CHICAGO (CBS) — When he leaves office, Mayor Richard M. Daley says he’s considering teaching and writing a book.
As WBBM Newsradio 780’s Mike Krauser reports, Daley says he has been on a schedule for the last 30 years. He has been a full-time elected official since he was sworn in as Cook County State’s Attorney in 1980, then as mayor in 1989.
LISTEN: Newsradio 780’s Mike Krauser reports
Daley told the Chicago Sun-Times that he is considering whether to write a book. He says it would focus on policy but would also be a bit of a memoir.
He also said he would love to teach and would be interested in courses in leadership and government or urban issues.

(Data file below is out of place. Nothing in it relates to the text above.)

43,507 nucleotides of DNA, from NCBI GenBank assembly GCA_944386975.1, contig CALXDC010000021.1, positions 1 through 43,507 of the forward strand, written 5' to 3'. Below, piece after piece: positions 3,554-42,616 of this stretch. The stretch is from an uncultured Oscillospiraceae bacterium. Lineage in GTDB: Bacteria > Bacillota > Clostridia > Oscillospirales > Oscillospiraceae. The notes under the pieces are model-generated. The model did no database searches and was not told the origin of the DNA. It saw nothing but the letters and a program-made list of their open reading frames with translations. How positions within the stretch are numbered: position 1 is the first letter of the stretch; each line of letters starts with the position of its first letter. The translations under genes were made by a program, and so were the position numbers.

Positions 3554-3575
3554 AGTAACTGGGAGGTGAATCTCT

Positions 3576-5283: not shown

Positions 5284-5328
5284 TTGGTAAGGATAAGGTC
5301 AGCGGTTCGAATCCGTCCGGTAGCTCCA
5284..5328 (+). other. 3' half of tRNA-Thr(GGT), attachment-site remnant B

On Wednesday, Mayor Daley addressed this and other issues at the U.S. Conference of Mayors in Washington, D.C. The group gave him the distinguished public service award.
Daley talked about the familiar subject of gun violence in the speech.
“We should not be killing our own on a daily basis,” Daley said.
He also told his counterparts to look to the private sector for money.
“This is the only way we can rebuild America,” Daley said. “I believe in that.”
Daley did not mention the parking meter lease deal enacted in late 2008, but that is the kind of private investment he thinks is necessary when citizens are taxed and the federal funding is cut.
Looking back on a life in public service, the mayor said he’s thankful.
“And of course the people of the City of Chicago; the great ‘I will’ spirit; the city of immigrants,” Daley said.
Mayor Daley’s last day in office is May 16.
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